Posted on Jun 17, 2010 in category

Today was a good day to travel. Rain, rain and more rain! Even our hotel owner Virginia at Argenton-sur-Creuse kindly alerted us to the news reports that floods were causing havoc in southern France. 'Forewarned is forearmed' so we decided to make sure that 'Lizzie' our English GPS will not take us down some of her inevitable short cuts into a wet oblivion.

Wendy and I had a choice: use the motorways where one can drive at 130+ and arrive at one's destination 'toute de suite' or drive on the 'D' highways where one's speed is often restricted to 70-90 kms slowing to 50 kms going through beautiful French villages and small towns. We chose the latter; furthermore, we are so glad we did for it paid off at the Le Château de Culan and at Néris les Bains.

At Culan we had no plans to stop and visit what turned out to be the best medieval castle or chateaux I've ever visited. As I motored slowly over this old bridge at Culan (I sensed that this 'pont' was special; in fact, it was Gallo-Roman) Wendy turned around to see this magnificent chateaux towering literally over this bridge. I did a quick U-turn and off we went on a magical tour of Le Château de Culan with French guide, Pierre-Marie Monel.

Le Château de Culan from the Gallo-Roman bridge

Pierre-Marie, armed with a fist full of keys which he used throughout the tour, conducted an extensive hour tour of the chateau. Along with a French couple (yes, the tour was mainly in French), we were shown some amazing insights into medieval life. The beautiful oak beams used in the roofing, towers with trapdoors to enable the pouring of boiled fat on to soldiers below, a dungeon for miscreant soldiers, a series of three watchtowers' accommodation for soldiers, a model representation of Joan of Arc and her contemporary nobles (Joan of Arc stayed here for a short time), an animated diorama version of the taking of the chateau in the 17th century and numerous other aspects of medieval life such as weaponry (Wendy threatened me with a lance), a money chest with a six-way lock plus a false lock and the thought that they slept sitting upright not lying down the position of death (news to me too!).

Inside the courtyard of Le Château de Culan


Above is a drawing showing an early view of the chateau. The Roman Bridge that we drove over is on the bottom left of the drawing

Pierre-Marie (on the right) explaining life in one of the soldiers' watchtowers ('to lay the table' is derived from setting up the trestle every time to eat)

Tower trapdoors that are opened to send hot fat and stone greetings to attackers below


Nobility, like Madame de Sévigné stayed here along with lady of 'les lettres' George Sand; however, 'à droite' the troublesome soldier or two stayed here in the dungeon that was situated in one of the high towers near the watch rooms.

Our next stop on the way to Montpeyroux, which is officially listed as 'one of France's most beautiful villages' and located in the Puy de Dôme region of Central France, was Néris les Bains. Driving into this town, we instantly noticed a sense of real pride in their town, a type of Australian 'tidy town' vibe. Flower pots and gardens adorn this town. A fountain greets the driver with several Roman amphorae-like pots positioned to funnel the water hither and thither. Néris les Bains was and still is a health spa town.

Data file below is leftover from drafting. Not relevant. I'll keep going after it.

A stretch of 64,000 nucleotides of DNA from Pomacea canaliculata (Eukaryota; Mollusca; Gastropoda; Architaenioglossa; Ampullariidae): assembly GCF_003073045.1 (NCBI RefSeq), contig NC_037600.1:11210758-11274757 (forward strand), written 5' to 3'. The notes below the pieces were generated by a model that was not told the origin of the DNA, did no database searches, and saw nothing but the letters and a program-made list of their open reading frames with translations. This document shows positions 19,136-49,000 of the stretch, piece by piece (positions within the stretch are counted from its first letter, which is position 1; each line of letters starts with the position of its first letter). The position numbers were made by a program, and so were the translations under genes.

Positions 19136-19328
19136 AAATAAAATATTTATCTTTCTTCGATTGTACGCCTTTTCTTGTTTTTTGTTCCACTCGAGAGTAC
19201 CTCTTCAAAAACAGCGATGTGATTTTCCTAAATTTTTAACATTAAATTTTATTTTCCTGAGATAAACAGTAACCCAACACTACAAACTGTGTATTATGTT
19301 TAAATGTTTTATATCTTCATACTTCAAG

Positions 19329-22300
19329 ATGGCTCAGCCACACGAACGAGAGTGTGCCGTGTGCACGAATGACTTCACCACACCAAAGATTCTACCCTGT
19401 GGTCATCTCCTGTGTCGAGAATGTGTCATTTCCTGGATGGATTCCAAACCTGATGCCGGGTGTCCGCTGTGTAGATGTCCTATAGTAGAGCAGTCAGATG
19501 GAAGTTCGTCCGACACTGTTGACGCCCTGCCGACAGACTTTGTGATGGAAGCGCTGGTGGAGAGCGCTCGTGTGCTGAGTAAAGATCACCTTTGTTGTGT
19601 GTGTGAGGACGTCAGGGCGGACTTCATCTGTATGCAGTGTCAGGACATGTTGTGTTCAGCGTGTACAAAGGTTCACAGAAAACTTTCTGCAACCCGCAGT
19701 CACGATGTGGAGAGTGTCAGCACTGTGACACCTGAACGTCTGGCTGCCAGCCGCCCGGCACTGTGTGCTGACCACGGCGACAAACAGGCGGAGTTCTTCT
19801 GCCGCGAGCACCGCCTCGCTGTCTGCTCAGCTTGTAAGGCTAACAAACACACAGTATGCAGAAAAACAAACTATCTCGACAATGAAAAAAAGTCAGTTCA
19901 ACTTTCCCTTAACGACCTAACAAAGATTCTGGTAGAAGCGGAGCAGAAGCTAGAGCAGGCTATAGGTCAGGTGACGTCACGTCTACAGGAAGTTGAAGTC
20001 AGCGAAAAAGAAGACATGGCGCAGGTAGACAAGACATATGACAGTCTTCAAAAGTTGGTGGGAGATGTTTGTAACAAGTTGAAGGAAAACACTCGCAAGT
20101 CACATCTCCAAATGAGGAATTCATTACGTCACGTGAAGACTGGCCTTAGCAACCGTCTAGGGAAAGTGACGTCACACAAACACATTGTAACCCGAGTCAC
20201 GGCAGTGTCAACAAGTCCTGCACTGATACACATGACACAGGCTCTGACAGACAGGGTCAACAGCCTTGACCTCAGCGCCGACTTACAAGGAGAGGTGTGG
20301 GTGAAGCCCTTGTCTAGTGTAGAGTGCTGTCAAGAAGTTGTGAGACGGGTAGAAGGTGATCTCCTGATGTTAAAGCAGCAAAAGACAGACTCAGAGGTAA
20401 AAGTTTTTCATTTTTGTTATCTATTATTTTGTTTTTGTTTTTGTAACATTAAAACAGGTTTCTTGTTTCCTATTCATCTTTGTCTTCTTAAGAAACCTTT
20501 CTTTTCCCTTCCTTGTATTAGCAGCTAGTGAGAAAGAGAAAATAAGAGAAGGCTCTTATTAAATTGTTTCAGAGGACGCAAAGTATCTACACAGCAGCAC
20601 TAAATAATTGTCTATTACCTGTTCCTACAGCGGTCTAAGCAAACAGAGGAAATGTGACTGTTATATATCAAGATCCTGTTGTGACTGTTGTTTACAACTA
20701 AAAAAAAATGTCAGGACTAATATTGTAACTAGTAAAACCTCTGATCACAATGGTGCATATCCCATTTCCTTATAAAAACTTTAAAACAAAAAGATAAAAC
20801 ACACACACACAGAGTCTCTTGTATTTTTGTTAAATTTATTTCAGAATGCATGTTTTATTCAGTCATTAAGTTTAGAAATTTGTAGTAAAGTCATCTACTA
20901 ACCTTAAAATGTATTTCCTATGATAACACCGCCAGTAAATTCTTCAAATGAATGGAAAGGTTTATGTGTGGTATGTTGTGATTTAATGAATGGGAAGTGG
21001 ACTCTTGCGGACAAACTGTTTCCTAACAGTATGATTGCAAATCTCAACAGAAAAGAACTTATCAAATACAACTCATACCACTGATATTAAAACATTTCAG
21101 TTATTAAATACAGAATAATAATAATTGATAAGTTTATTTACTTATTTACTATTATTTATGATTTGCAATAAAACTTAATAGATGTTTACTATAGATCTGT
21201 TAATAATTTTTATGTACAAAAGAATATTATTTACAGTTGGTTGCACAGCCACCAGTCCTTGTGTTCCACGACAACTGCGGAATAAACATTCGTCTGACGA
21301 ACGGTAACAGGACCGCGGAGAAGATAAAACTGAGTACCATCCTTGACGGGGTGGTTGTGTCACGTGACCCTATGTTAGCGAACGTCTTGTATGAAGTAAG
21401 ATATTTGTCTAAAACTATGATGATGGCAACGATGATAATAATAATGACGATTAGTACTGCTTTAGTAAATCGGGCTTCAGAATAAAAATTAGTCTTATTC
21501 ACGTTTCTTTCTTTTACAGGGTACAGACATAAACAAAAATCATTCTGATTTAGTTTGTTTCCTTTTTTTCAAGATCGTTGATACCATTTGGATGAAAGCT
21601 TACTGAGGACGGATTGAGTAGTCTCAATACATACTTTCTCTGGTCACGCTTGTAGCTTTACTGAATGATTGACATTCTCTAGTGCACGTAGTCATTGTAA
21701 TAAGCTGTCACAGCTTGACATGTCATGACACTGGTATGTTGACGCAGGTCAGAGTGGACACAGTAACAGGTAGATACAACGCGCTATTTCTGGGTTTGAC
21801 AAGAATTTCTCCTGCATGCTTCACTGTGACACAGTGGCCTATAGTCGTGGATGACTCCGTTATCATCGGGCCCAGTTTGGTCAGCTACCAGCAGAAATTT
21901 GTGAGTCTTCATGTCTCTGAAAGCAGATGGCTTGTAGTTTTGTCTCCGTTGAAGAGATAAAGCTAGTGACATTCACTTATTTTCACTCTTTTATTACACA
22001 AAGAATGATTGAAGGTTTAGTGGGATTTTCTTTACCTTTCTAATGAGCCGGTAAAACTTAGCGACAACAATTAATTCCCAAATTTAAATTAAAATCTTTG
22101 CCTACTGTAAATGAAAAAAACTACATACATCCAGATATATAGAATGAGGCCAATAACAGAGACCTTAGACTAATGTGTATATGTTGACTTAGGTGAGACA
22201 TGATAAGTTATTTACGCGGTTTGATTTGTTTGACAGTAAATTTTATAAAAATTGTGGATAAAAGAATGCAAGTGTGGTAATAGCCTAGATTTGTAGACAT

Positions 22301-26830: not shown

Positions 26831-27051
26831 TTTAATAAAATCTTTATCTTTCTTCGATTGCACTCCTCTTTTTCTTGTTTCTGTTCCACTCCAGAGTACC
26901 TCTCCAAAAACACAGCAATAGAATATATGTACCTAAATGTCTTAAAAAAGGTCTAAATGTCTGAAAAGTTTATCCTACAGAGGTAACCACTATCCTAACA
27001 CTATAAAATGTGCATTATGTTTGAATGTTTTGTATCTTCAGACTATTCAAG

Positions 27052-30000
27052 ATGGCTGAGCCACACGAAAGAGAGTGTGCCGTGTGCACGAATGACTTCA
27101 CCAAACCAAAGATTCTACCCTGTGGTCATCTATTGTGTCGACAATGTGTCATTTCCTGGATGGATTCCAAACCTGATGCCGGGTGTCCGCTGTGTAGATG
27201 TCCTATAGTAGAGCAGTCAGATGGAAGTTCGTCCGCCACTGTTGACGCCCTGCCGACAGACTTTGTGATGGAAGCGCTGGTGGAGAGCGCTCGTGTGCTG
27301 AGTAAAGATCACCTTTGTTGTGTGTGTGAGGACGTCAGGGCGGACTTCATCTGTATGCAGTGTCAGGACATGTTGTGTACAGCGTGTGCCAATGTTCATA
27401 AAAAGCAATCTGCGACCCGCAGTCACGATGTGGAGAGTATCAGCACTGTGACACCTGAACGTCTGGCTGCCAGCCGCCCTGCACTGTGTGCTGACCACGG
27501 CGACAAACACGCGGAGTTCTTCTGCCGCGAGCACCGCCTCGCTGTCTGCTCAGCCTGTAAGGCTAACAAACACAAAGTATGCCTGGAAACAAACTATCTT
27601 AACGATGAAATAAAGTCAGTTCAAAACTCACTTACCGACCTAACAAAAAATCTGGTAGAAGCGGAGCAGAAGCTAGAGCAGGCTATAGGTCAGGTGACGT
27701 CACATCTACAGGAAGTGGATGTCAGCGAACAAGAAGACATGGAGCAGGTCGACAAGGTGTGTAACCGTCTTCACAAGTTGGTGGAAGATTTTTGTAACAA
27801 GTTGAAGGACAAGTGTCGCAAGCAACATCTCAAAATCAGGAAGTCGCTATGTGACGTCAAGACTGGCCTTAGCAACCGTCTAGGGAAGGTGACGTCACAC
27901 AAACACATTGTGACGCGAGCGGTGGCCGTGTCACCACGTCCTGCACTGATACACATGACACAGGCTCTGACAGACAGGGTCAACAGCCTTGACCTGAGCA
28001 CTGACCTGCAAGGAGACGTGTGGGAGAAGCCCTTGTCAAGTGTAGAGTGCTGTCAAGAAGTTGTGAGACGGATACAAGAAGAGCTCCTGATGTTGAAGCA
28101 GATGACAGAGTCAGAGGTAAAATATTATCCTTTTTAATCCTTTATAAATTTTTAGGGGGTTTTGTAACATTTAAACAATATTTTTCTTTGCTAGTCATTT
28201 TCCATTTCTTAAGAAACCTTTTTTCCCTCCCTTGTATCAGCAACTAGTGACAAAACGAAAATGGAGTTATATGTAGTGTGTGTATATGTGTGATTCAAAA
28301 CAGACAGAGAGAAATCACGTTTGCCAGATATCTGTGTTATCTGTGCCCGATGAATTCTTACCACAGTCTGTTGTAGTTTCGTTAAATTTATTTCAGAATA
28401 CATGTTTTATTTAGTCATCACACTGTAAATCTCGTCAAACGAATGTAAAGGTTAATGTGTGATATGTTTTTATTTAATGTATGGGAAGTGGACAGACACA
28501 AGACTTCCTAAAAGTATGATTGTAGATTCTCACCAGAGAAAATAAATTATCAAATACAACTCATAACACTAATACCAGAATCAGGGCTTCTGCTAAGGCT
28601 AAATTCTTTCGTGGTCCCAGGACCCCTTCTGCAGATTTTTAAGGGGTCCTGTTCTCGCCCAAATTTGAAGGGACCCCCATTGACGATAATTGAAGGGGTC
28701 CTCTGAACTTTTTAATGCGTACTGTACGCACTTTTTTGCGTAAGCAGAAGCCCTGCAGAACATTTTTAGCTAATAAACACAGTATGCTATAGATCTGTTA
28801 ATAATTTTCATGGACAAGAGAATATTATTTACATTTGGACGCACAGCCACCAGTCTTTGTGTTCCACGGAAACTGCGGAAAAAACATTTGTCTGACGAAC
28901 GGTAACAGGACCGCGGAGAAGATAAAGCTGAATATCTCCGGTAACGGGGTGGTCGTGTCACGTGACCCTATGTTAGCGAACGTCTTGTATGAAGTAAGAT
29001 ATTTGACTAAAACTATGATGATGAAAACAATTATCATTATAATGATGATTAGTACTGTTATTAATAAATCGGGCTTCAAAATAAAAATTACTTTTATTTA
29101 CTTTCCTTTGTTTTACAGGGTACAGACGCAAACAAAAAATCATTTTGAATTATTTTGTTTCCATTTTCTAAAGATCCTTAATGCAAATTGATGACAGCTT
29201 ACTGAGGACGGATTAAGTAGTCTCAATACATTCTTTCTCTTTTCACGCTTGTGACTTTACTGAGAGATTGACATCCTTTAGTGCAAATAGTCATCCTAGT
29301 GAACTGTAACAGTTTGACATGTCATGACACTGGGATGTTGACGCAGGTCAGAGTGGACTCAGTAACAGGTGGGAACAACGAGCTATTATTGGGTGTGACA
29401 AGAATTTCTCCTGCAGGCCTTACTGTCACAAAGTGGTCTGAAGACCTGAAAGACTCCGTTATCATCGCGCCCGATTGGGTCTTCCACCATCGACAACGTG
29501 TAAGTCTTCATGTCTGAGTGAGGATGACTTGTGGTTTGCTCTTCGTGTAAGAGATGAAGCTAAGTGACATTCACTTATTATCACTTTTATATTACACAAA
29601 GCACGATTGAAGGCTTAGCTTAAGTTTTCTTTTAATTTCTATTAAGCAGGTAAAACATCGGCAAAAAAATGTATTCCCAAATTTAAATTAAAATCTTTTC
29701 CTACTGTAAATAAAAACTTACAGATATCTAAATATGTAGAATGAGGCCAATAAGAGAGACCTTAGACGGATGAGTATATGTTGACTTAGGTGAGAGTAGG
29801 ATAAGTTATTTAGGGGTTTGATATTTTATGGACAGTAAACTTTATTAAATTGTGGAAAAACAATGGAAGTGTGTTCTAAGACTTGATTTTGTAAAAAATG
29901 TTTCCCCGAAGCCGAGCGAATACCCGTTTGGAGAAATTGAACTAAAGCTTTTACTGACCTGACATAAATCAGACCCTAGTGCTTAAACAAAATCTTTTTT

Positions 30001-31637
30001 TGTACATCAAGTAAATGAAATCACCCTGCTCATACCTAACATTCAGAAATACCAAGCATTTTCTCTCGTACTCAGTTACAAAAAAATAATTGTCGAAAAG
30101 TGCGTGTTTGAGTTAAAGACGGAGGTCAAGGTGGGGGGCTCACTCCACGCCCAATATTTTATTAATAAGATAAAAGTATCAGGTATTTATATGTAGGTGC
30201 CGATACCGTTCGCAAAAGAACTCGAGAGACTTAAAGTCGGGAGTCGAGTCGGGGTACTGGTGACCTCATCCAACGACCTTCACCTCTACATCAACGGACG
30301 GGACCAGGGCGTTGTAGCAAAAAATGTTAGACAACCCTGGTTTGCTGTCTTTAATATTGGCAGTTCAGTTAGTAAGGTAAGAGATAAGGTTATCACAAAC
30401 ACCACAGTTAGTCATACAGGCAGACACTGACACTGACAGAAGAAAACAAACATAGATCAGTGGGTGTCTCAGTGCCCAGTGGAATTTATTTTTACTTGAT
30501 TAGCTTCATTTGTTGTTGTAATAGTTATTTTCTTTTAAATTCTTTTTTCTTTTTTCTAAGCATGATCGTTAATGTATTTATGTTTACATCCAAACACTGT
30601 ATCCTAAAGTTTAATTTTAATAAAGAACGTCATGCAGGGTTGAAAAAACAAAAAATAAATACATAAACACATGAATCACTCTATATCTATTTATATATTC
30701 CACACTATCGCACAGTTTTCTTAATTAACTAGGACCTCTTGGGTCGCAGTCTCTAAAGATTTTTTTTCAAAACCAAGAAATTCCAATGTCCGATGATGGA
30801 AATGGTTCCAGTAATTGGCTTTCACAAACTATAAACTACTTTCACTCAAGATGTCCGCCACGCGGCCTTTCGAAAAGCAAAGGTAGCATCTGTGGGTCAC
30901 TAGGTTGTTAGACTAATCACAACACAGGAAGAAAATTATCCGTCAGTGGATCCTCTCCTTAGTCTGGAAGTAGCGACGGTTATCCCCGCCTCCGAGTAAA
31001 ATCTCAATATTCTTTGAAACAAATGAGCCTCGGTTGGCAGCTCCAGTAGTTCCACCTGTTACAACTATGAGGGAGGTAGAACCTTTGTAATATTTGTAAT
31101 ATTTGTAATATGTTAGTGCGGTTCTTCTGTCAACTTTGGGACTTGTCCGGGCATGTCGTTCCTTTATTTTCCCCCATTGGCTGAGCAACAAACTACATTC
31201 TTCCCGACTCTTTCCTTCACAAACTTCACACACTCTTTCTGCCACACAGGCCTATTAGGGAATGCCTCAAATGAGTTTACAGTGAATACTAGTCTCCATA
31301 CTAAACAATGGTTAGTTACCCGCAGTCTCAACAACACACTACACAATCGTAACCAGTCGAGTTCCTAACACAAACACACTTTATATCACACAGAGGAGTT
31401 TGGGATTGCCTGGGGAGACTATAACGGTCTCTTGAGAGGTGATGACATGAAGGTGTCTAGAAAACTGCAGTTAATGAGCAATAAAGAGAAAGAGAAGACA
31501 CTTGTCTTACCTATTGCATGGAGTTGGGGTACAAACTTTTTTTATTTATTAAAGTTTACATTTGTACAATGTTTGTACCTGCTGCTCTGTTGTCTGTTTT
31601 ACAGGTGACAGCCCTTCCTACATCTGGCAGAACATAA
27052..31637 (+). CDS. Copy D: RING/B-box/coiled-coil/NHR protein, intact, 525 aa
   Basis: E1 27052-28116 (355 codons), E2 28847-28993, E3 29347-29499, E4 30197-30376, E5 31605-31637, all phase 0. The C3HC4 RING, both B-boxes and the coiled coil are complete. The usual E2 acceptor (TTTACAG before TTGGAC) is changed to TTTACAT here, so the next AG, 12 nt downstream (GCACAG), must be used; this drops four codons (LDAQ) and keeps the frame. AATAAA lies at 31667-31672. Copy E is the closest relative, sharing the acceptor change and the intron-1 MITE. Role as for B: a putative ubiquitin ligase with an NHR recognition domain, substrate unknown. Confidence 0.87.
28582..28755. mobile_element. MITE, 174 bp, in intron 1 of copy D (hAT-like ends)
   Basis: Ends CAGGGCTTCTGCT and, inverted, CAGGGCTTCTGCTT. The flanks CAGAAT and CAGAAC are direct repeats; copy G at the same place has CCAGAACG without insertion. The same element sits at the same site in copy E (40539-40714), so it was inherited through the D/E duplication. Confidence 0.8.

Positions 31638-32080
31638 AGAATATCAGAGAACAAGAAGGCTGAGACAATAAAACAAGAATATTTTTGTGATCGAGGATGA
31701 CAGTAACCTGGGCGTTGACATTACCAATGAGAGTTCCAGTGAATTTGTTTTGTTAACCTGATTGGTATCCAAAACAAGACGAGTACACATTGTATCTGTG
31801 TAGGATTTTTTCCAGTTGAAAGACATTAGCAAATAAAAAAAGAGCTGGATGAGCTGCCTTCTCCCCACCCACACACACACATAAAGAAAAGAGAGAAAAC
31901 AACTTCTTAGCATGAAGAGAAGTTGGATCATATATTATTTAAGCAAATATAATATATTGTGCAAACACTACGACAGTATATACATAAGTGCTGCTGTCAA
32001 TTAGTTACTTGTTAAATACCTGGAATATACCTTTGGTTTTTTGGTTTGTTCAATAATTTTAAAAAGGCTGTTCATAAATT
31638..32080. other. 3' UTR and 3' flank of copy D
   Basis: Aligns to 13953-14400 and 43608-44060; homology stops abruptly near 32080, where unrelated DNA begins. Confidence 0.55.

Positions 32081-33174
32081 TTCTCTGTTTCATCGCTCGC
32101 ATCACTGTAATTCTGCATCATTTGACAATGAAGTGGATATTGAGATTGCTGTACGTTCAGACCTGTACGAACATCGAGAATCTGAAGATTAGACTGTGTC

In Celtic and Gallo-Roman days it served as a great stopover for travellers. Nériomagos 'bourgade' or village in the Celtic period meant 'market place of the thermal spring god, Nerios' or Nerius. After getting a few directions at the Tourisme Office (it's highly recommended to start here in each town), we headed off to see the Gallo-Roman baths or 'thermes'. These baths are outside and in a public park. The only trouble was the gates were locked. C'est la vie !

Where there's a will there's a way. The Gallo-Roman thermal baths under lock and key !


The Gallo-Roman theatre is devoid of its stone seating - only the shape remains in a public park


Where's the local museum ???? It's called the 'Maison du Patrimoine' and is housed in a quaint 15th century house.

Although the museum has a relatively small collection of artifacts, it does specialise in the Gallo-Roman period. Néris les Bains like most towns in the Gallo-Roman times began its monumental architecture (forum, basilica, baths and temples) in the Augustan period then expanded rapidly into the 2nd and mid 3rd centuries A.D. It became a very prosperous and substantial thermal spring town on the east-west axis between Lugdunum (Lyon) and Lemonum (Poitiers).


Nerios – god of the thermal spring Inscription of Lucius Julius Equester dedicating the baths


Two interesting bas relief figures of deities that had Celtic origin were of Epona mounted on her horse and Cernunnos, god of the seasons.

The Puy de Dôme's spectacular scenery is the product of its volcanic past. Elevated plateaus and peaks are punctuated with stone villages. Our destination of Montpeyroux is one such village.


It's a living village for the surrounding farms and towns. Our B & B owner, Dominique runs a farm with her husband producing cereals and meat products from pork. We were quick to drop our bags and explore the village.


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